Drive Electric Week Puts a Charge in EV Awareness

The National Drive Electric Week celebration was held in Grapevine, with organizers breaking their record for most EVs in one place.


Helping the environment and ditching the gasoline bill are the main reasons people buy their first electric vehicle (EV).

No belts to change, no spark plugs, no oil changes or transmission fluid replacement, no timing belt to replace, and half the cost of brake maintenance are added reasons they will purchase a second one, according to EV owners who attended the National Drive Electric Week celebration Saturday in Grapevine.


Drive Electric Week showcases vehicles require no fossil fuels, just electricity.

Organizers of the event met their goal of breaking the North Texas record for the most EVs in one location at 122, up from 116 last year. State Rep. Giovanni Capriglione, R-Keller, and Regional Transportation Councilman Mike Taylor spoke about the positive impact of EVs on air quality and the Texas economy.


“Texas is already a great State for EVs and I hope to see Texas become an even stronger leader in adopting EV technology as a result of today’s encounters,” Capriglione said.

Capriglione shared a story about being in California in the early 2000s and the only electric charging station in the area was “a lone, sad looking outlet at Fry’s Electronics.”

“I never saw it used. Fast forward to just a couple of nights ago when I stayed in a hotel in the Lost Pines region, they had four charging stations in their parking lot and they were all being used,” he said. “EV cars are here and for lots of good reasons.”

Those reasons include energy security because EVs reduce oil consumption and promote energy flexibility. In 2015, about 24 percent of the petroleum consumed by the United States was imported from foreign countries, the lowest level since 1970, Capriglione said.

“With Texas production making global waves, and Texas EVs reducing the demand, we can finally see the Holy Grail of international politics within reach, energy independence for our country,” he said.

“With Texas production making global waves, and Texas EVs reducing the demand, we can finally see the Holy Grail of international politics within reach, energy independence for our country.” 
State Rep. Giovanni Capriglione

EVs also are a wise financial choice because they cost less to operate, and buyers are eligible for a federal tax rebate of up to $7,500 which significantly reduces the upfront cost.

Capriglione graduated with a physics degree and worked as an electrical engineer, so one of the reasons he said people should buy an EV is completely biased, but also accurate: “EV technology is just plain cool,” he said. “EV adoption helps cement DFW as a cutting-edge, modern urban area that embraces new technologies.”

Attendee Ross Melbourne said the 2013 Tesla Model S that he ordered online is everything he thought it would be and then some.

“It’s so amazing. It’s better than a regular car in every single way,” the Southlake resident said. “It’s as quiet as a Rolls-Royce and as fast as a Ferrari … Well, that’s not true. It’s faster than a Ferrari.”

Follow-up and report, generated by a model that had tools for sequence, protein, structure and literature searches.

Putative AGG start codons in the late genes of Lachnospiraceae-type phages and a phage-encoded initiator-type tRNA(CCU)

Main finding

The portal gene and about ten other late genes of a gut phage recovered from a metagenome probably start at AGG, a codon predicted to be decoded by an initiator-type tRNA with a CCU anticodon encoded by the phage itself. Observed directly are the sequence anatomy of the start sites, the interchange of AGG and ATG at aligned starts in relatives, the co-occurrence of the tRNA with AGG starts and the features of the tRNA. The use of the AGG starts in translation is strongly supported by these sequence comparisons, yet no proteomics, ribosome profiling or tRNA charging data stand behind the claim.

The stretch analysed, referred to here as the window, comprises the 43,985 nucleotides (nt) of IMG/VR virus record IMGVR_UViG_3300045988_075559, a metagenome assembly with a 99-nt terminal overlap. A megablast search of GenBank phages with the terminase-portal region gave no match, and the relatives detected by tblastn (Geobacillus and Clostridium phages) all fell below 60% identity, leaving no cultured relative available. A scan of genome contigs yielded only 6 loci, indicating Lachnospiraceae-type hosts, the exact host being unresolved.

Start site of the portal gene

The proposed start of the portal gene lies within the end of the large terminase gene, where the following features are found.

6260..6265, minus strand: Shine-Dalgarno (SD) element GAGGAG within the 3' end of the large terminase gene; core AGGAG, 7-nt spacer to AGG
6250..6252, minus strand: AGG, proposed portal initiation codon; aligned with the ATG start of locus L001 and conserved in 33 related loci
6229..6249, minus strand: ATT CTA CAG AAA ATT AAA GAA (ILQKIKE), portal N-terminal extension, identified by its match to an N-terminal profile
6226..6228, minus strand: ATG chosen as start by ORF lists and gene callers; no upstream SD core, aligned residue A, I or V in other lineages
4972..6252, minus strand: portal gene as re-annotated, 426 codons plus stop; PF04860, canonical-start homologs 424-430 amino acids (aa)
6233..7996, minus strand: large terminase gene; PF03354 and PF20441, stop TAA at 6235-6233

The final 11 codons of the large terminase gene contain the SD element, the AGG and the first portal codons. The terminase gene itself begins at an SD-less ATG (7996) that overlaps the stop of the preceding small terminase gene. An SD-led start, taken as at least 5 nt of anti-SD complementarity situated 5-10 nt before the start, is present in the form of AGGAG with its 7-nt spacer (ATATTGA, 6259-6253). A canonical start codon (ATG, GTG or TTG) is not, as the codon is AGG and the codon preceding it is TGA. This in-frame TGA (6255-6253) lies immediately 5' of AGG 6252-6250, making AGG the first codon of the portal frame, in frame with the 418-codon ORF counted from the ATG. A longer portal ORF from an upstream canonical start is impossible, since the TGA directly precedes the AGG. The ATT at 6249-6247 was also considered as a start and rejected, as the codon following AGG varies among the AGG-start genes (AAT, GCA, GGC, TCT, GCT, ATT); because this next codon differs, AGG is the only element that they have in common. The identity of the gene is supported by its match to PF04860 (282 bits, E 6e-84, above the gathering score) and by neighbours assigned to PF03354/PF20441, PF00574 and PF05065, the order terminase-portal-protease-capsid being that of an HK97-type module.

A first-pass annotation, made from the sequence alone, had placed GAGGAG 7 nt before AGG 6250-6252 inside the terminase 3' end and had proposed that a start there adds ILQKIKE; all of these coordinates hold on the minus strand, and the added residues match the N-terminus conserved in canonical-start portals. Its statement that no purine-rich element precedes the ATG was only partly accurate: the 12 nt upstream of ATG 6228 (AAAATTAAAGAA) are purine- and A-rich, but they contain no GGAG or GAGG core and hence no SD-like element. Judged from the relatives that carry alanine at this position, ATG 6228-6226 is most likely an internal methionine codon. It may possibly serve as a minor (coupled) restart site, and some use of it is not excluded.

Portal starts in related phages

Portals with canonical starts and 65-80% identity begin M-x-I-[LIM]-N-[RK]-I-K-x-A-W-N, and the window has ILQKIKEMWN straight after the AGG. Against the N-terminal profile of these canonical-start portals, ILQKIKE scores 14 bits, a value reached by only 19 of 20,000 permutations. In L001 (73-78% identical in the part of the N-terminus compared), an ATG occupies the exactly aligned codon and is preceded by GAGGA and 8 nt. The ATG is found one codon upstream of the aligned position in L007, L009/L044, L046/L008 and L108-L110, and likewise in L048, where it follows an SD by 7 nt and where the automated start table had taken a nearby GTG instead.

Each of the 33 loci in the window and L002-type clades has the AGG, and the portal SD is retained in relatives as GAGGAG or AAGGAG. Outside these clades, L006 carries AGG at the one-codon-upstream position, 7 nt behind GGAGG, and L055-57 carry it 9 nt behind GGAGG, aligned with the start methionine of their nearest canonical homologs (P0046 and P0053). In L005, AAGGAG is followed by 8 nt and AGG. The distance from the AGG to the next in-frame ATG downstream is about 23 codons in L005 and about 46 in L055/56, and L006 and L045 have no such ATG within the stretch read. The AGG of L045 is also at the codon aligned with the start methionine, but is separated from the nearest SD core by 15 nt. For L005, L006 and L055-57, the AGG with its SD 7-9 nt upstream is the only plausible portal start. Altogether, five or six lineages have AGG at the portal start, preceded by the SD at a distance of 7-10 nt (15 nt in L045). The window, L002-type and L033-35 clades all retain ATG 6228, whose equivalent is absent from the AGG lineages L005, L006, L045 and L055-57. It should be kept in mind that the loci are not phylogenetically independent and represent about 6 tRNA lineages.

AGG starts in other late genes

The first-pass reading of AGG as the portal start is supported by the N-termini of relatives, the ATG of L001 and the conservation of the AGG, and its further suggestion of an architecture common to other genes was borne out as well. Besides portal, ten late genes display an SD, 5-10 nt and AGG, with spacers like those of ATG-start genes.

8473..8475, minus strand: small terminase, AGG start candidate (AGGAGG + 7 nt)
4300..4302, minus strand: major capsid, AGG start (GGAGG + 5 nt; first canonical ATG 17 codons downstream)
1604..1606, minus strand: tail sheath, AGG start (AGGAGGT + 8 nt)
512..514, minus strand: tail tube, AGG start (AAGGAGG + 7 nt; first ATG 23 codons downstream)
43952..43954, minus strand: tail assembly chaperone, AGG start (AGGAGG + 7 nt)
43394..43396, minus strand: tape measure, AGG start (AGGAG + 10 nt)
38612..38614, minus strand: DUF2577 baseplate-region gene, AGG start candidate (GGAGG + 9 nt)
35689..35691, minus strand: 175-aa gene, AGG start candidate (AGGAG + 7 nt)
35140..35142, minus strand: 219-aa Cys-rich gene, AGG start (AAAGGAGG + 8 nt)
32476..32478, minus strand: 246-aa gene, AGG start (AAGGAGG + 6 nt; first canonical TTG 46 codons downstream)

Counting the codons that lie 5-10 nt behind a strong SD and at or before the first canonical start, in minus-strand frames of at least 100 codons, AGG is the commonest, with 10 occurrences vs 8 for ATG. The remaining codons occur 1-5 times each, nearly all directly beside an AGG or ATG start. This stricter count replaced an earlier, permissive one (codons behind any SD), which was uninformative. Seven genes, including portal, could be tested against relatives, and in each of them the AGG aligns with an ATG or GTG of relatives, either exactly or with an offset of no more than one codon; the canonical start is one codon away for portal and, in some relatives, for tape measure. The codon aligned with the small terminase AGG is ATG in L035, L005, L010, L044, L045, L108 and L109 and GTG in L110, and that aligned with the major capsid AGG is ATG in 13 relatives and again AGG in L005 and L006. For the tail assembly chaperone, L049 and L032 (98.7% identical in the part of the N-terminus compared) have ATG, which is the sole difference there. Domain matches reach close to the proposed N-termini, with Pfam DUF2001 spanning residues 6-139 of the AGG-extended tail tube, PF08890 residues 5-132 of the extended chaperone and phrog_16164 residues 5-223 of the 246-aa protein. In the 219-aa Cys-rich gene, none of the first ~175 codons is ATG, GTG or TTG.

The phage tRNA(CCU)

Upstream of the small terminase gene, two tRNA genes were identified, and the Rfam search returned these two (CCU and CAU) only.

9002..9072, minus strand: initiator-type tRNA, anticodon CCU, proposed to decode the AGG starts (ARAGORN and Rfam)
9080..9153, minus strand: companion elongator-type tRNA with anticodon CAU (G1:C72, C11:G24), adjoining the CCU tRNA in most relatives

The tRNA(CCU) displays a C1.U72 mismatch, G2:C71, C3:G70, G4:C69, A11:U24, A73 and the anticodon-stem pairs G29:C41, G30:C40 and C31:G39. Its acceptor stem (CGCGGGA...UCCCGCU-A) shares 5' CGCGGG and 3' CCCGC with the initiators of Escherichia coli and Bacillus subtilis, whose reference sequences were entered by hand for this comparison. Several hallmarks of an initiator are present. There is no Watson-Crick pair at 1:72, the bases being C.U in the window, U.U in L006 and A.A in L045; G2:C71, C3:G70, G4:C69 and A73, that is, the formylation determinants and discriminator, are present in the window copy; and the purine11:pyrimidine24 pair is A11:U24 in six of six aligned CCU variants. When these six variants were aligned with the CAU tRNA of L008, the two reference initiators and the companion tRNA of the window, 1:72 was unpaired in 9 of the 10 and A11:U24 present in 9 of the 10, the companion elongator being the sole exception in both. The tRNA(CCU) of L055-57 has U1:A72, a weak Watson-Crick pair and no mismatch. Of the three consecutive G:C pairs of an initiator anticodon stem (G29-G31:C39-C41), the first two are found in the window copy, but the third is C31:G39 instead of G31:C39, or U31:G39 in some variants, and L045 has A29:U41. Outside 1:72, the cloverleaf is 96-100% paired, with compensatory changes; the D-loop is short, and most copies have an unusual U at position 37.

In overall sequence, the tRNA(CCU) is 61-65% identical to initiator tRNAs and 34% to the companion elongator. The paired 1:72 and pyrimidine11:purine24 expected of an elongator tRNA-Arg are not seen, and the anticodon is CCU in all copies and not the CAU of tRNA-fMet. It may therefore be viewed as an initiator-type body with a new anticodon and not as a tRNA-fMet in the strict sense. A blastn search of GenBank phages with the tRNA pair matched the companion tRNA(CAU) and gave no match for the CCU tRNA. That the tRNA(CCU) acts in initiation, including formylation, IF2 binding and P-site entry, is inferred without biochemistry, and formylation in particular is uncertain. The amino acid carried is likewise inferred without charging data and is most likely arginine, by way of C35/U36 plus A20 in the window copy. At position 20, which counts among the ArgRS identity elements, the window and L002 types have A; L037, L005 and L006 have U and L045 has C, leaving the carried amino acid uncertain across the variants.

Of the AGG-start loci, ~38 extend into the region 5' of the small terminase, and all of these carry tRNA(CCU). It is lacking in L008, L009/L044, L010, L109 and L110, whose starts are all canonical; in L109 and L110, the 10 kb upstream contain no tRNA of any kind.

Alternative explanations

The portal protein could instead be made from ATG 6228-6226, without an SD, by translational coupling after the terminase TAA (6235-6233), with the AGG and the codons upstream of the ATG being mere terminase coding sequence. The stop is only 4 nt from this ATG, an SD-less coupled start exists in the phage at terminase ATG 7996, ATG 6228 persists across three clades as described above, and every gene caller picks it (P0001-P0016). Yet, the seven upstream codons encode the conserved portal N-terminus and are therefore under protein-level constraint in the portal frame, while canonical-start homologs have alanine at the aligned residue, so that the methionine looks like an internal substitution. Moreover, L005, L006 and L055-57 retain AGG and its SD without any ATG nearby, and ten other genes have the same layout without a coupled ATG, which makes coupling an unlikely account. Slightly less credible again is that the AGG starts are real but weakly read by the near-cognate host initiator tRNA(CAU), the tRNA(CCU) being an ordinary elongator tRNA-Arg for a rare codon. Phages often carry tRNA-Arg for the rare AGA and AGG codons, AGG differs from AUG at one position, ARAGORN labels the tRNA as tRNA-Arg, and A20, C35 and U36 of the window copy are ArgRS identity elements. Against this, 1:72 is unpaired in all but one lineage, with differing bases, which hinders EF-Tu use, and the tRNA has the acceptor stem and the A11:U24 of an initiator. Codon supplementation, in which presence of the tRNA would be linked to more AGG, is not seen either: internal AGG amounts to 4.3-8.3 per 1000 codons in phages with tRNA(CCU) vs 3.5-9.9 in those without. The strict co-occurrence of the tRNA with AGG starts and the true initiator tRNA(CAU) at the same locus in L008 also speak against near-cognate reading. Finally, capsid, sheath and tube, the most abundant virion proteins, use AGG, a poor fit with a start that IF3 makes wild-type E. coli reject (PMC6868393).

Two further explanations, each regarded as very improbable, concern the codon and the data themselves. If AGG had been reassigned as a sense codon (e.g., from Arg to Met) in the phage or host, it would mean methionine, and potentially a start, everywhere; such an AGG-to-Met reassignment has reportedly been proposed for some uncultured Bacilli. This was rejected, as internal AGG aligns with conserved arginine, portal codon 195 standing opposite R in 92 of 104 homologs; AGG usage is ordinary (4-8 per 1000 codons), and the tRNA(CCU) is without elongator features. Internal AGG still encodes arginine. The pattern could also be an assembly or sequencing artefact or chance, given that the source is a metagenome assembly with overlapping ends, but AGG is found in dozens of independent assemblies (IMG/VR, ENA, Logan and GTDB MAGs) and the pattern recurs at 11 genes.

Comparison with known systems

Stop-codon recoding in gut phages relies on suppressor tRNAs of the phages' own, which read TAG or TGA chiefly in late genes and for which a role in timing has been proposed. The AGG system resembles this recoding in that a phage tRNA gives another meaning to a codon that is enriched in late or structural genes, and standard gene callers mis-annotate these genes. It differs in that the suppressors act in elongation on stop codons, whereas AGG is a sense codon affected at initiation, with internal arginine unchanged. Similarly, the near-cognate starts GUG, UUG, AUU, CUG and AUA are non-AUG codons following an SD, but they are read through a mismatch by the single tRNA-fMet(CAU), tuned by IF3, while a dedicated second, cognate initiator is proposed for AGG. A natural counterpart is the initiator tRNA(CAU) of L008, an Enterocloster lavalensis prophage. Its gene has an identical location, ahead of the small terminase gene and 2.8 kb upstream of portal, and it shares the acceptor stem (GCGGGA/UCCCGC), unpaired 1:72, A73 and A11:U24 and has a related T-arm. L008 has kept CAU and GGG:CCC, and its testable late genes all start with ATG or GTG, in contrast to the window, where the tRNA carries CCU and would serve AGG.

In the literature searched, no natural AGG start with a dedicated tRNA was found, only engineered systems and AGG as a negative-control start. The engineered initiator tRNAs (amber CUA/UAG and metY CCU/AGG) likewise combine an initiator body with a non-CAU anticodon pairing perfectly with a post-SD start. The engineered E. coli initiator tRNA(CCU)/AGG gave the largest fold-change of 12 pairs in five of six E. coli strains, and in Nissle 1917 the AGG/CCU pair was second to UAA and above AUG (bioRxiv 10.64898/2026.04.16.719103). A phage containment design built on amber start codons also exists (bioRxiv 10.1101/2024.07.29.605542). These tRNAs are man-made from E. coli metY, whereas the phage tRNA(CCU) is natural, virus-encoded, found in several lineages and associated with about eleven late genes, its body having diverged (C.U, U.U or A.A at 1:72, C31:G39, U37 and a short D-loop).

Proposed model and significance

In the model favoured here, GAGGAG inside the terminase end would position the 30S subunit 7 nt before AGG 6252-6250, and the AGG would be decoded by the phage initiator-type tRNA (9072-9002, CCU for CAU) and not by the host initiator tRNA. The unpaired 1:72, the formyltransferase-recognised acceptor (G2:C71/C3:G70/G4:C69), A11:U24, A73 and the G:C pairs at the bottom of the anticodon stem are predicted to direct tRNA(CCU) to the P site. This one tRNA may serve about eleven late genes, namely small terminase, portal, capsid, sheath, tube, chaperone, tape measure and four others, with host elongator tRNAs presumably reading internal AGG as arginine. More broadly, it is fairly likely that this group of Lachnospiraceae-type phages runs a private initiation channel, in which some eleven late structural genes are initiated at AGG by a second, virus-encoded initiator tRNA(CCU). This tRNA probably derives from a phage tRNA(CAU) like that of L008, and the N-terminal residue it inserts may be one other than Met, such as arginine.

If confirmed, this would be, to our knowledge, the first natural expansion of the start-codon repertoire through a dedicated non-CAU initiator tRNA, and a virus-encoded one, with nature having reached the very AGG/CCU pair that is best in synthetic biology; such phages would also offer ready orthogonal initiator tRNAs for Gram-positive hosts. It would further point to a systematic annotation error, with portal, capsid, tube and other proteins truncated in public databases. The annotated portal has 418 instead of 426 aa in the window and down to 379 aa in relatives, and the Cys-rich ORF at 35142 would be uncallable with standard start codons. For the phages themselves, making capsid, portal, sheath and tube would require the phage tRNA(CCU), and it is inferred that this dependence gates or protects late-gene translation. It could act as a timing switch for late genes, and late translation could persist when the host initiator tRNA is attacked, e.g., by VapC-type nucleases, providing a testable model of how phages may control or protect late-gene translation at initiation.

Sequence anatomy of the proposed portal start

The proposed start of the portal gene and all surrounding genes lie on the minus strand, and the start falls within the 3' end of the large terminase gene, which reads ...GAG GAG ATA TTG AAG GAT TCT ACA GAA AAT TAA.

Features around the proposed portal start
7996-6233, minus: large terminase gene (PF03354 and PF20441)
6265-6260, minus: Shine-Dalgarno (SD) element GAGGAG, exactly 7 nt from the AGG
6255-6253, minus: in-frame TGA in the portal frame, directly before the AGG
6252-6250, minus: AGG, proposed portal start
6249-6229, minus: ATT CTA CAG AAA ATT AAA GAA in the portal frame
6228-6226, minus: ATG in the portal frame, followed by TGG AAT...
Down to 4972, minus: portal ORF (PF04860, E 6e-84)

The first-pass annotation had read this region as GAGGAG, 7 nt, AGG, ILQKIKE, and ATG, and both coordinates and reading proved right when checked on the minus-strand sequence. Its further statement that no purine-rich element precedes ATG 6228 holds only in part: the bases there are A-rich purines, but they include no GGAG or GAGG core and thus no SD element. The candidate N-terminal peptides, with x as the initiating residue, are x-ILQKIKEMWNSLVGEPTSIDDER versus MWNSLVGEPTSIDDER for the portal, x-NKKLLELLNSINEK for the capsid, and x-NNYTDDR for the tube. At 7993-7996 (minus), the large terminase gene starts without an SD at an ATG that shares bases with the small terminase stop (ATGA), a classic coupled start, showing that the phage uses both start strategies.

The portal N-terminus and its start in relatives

Melbourne said using the charger at his home only adds about $50 more a month to his electric bill, which is significantly less expensive than the amount he was paying for gasoline. The charge gets Melbourne about 240 miles of travel around the city; at 70 mph, a charge lasts about 220 miles.  

“You only have to service it once a year, and the amount of maintenance is significantly less,” he said. “And my wife loves it because she doesn’t have to go to the gas station.”

Melbourne said he paid about $65,000 for his vehicle, which includes all the bells and whistles such as an app that allows him to turn on the air conditioner prior to getting into the vehicle.


A less expensive model is arriving late next year, the Tesla Model 3, which costs $35,000, not including the federal tax incentive of $7,500. The waiting list for that model is about 400,000 people, Melbourne said.

Numbers like that show the demand for the vehicle, which is good considering the company does zero marketing. Instead, Tesla relies on people like Rick Bollar to get the word out.

Bollar, president of North Texas Tesla Owners Group, said numbers of EV owners are growing and so are the numbers of chargers around the state and country.

Tesla models have a mapping system that allows users to type in a destination, even nationwide such as from Dallas to Los Angeles, and the system will automatically route the driver along the route of the superchargers, Bollar said.


These superchargers are quick, including the one at Collin Street Bakery in Corsicana.

“You can go into the bakery, and by the time you get a cup of coffee and a cookie, it’s charged.”

Bollar, who bought a Tesla Model S P85 in 2012, said electric cars today are not the compromises that people think. He has wanted an EV for a while, but driving to Dallas and for work, and some days adding trips to Fort Worth or Houston, cars with only an 80-mile range would not have worked.

“It charges every night, with a full range 240 miles,” he said. “And with the Tesla recharge network, you can go anywhere.”

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